Leaving Us Confused

Histogram of sepal widths for Iris versicolor ...
This distribution of people who nod as if they know what graphs like this actually mean

Today is the day that bad decisions are made.

For it is the day that the results of the School Leaving Certificate Examination (the “Leaving”) come out. Today the students make bad decisions by getting drunk while still mostly underage. And politicians, by making promises.

Ten percent of students failed maths at ordinary level. In a knowledge-based economy that is simply not good enough, etc. Something must be done. Teachers must be fired, students must be fired, schools should be closed, opened or set fire to. Lessons must be made harder, exams easier, students must work more and take more time to rest. Draw your own headless chickens.

But… Isn’t the whole point of exams that some people fail them?

I don’t really think that ninety percent is so terrible a pass rate for an exam that, you know, is actually testing something. And not merely basic numeracy; the Leaving Cert ordinary-level paper is essentially a qualification to enter university, as almost all courses require it. So are we really in trouble if only ninety per cent of the population qualify for third level education? Less than sixty percent actually avail of it.

Could it be that the reason the public panic over standards in mathematics is that they don’t understand some basic mathematics? Because if they don’t… Wait.


2 thoughts on “Leaving Us Confused

  1. I think it’s been a general trend in several countries to focus more and more on the test scores. They are one of the few tangibles of a good education, in contrast to the far bigger amount of untangibles (like the quality of learning to be able to sit through a mind-numbing boring hour of something you don’t understand or care about and not disrupt the proceeding).

    In line with “business-like” thinking, school managements have been told that they will be held accountable for test results. Rankings of schools will be printed (with no consideration to geography and background of students), etc. etc.

    And then comes the amusing part. People are then shocked (shocked!) that educators start “teaching for the test”. Or, a little loophole in the Netherlands: poor performing kids are not given the test, at all.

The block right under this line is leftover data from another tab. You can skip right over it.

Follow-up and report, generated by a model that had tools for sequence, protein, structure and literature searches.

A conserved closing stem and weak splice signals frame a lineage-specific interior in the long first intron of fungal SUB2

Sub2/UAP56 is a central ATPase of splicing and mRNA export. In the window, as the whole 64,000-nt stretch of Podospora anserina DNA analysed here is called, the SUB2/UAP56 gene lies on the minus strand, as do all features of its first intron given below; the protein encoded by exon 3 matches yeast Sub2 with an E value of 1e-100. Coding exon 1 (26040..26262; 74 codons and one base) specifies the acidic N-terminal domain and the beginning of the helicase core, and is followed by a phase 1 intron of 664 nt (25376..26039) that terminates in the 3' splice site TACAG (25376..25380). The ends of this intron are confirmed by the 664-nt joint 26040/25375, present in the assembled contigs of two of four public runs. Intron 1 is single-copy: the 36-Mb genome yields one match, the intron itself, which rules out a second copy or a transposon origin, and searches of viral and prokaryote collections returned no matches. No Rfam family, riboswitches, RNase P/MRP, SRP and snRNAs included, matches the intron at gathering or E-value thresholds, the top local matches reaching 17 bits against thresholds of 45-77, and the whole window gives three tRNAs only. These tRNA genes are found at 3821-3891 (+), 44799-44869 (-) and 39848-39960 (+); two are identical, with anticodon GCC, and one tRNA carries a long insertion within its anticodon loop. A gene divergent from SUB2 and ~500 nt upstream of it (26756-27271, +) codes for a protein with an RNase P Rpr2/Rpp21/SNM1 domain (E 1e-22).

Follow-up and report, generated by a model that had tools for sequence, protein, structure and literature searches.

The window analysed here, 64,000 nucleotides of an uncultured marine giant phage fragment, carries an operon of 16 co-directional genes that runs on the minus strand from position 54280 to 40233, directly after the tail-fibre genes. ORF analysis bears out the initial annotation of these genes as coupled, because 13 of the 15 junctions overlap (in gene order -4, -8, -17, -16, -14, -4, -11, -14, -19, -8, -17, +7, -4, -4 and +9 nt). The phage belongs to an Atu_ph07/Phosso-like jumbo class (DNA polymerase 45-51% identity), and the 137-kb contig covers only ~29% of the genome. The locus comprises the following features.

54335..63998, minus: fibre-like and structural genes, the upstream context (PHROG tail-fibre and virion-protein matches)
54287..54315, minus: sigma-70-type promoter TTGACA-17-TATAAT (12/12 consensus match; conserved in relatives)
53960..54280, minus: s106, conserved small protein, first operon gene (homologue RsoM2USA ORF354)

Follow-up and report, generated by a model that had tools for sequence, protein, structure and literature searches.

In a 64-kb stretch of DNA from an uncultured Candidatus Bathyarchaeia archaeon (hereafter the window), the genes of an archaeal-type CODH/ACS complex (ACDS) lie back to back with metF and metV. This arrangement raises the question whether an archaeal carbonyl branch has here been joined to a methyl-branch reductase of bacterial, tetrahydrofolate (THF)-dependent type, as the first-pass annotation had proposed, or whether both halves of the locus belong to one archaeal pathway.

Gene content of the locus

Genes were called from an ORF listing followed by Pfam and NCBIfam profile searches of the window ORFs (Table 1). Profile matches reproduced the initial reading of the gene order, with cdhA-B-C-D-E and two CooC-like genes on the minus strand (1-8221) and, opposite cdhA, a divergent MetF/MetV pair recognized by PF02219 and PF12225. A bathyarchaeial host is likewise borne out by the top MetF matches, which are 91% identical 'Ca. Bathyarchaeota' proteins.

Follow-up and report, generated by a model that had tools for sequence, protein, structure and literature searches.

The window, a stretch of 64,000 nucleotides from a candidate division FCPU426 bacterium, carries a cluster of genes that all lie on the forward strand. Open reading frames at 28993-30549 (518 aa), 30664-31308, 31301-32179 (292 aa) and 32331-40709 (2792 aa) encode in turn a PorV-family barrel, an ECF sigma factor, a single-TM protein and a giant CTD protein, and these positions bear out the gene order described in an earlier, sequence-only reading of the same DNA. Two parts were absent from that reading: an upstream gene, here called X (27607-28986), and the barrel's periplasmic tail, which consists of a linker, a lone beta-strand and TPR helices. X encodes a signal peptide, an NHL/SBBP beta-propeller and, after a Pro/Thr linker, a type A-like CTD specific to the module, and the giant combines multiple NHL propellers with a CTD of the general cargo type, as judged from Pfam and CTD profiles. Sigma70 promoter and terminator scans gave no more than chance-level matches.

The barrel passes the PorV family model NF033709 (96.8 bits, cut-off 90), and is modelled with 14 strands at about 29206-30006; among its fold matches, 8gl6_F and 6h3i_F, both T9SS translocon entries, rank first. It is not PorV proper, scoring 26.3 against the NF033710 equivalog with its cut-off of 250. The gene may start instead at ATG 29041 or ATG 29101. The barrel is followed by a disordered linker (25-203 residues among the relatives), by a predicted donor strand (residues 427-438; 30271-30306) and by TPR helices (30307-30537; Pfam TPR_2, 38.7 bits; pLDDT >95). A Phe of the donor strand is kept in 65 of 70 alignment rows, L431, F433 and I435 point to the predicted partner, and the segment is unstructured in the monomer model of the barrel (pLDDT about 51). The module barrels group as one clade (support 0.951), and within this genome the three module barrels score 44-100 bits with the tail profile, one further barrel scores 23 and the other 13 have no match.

The “tangible results” go up and up. Quality of education goes down and down.

    Oh well, the students still learn how to sit through a mind-numbing boring hour of something they don’t understand or care about and not to disrupt the proceeding.


  2. When I supervised a maintenance crew I wrote an exam for evaluating potential new recruits. I pre-tested the exam on some of my existing technicians. I already knew which ones were good techies and which ones weren’t, so I figured this reverse test could glean some of that info and therefore be used for future employees. I was testing the test, so to speak, using the existing crew as the metric.

    They were all good employees, dedicated, varying degrees of cleverness and creativity, etc. Some were recent graduates from the local Polytechnic, others had been out of school for a while. Anticipating this, some questions favoured recent graduates while other questions favoured veterans; it was difficult to know both sides of the exam. I was happy with the results. They spread over a curve which sort of mirrored their job performance. I figured the test was helpful after all.

    Then half of the department turned into my office asking me what I was up to and complaining that nobody could ace that test. There was this strong perception that a test should be something you could study for and get 100%. I asked them what good would it do to me if I had one vacancy and five candidates scored 100%. Eventually they got around to it, specially when I noted similar questions were already asked during interviews. I was simply quantifying them.


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